‘Bland and poorly designed’ proposals to change a once-popular sweet shop on Ryde High Street into a home have been rejected.
The application, submitted by MDJ Architectural Services, has been refused by the Isle of Wight Council after more than 20 Ryde residents shared their opposition to the removal of shop space at the top of the High Street.
Formerly The Candy Store, the shop closed at the start of March last year and proposals looked to incorporate the retail floor space into the existing 2-bed house behind and above the shop.
It would have been turned into a toilet and study, to accommodate home working as a result of the COVID pandemic.
Part of the proposals would change the Victorian building’s shop front ‘to a more traditional appearance’, according to planning documents, with sash-style windows and a regular front door.
Among the objectors were Ryde Town Council, Ryde Society and Ryde Business Association, arguing there would be an adverse effect on the retail function, design, character, vitality and viability of the town centre. Ryde Town Council also said it would be ‘inappropriate’ within a ground-level commercial location and would set a precedent for the change of use in the town centre boundary and in the Ryde Heritage Action Zone.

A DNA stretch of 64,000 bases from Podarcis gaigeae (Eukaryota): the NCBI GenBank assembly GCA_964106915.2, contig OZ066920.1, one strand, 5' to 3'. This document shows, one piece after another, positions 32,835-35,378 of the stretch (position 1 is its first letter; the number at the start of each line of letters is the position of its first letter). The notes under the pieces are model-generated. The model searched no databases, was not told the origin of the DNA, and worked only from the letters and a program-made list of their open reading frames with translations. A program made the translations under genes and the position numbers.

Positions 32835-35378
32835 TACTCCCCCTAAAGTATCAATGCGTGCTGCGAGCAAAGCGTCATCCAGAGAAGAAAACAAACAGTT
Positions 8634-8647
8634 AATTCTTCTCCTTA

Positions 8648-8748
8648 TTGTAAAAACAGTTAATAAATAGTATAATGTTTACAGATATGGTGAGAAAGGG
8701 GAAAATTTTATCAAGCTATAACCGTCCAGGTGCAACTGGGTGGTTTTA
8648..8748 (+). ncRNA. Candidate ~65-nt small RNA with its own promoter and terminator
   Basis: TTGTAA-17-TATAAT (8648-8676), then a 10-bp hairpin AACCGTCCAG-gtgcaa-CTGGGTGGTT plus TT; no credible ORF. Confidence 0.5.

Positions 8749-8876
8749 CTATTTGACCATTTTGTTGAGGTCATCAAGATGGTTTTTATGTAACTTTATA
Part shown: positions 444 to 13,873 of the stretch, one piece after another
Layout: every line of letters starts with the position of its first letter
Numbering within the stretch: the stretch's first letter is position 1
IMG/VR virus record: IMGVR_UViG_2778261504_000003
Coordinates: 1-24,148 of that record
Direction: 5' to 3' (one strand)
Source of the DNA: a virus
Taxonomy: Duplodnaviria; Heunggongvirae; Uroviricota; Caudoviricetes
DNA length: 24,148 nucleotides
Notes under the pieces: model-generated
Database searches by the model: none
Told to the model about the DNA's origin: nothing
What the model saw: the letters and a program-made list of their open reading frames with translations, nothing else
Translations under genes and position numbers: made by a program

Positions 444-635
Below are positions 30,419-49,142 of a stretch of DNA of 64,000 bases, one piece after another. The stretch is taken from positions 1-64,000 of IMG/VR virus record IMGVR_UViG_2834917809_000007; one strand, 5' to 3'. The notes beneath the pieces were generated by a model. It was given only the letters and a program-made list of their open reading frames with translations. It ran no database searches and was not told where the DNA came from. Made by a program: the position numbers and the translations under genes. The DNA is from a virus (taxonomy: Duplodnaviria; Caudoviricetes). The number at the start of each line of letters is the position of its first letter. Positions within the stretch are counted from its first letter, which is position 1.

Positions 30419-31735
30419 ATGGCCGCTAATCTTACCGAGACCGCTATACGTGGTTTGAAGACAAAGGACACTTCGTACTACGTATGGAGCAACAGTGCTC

1 objector said it seemed a ‘barbaric approach to rip out the frontage that has stood for years’ as an integral part of the history and view of the upper High Street.
“Changing the frontage would destroy a very unique shop as well as the building’s look. We need more small high street shops and encourage more people to shop. We need an active and vibrant high street and having houses mixed with the shops just makes it look very odd and out of place.”
The Isle of Wight Council’s planning officers’ report said the proposal would be at odds with the surrounding shopfronts and significantly detract from the distinctive character and vitality of this part of the High Street. They said:
“The current historical and distinctive shopfront would be replaced by a bland, poorly designed ground floor elevation, which would be visually incongruous in the street scene.”
The council’s planning authority rejected the application last week but the applicants are able to appeal the decision to the Planning Inspectorate.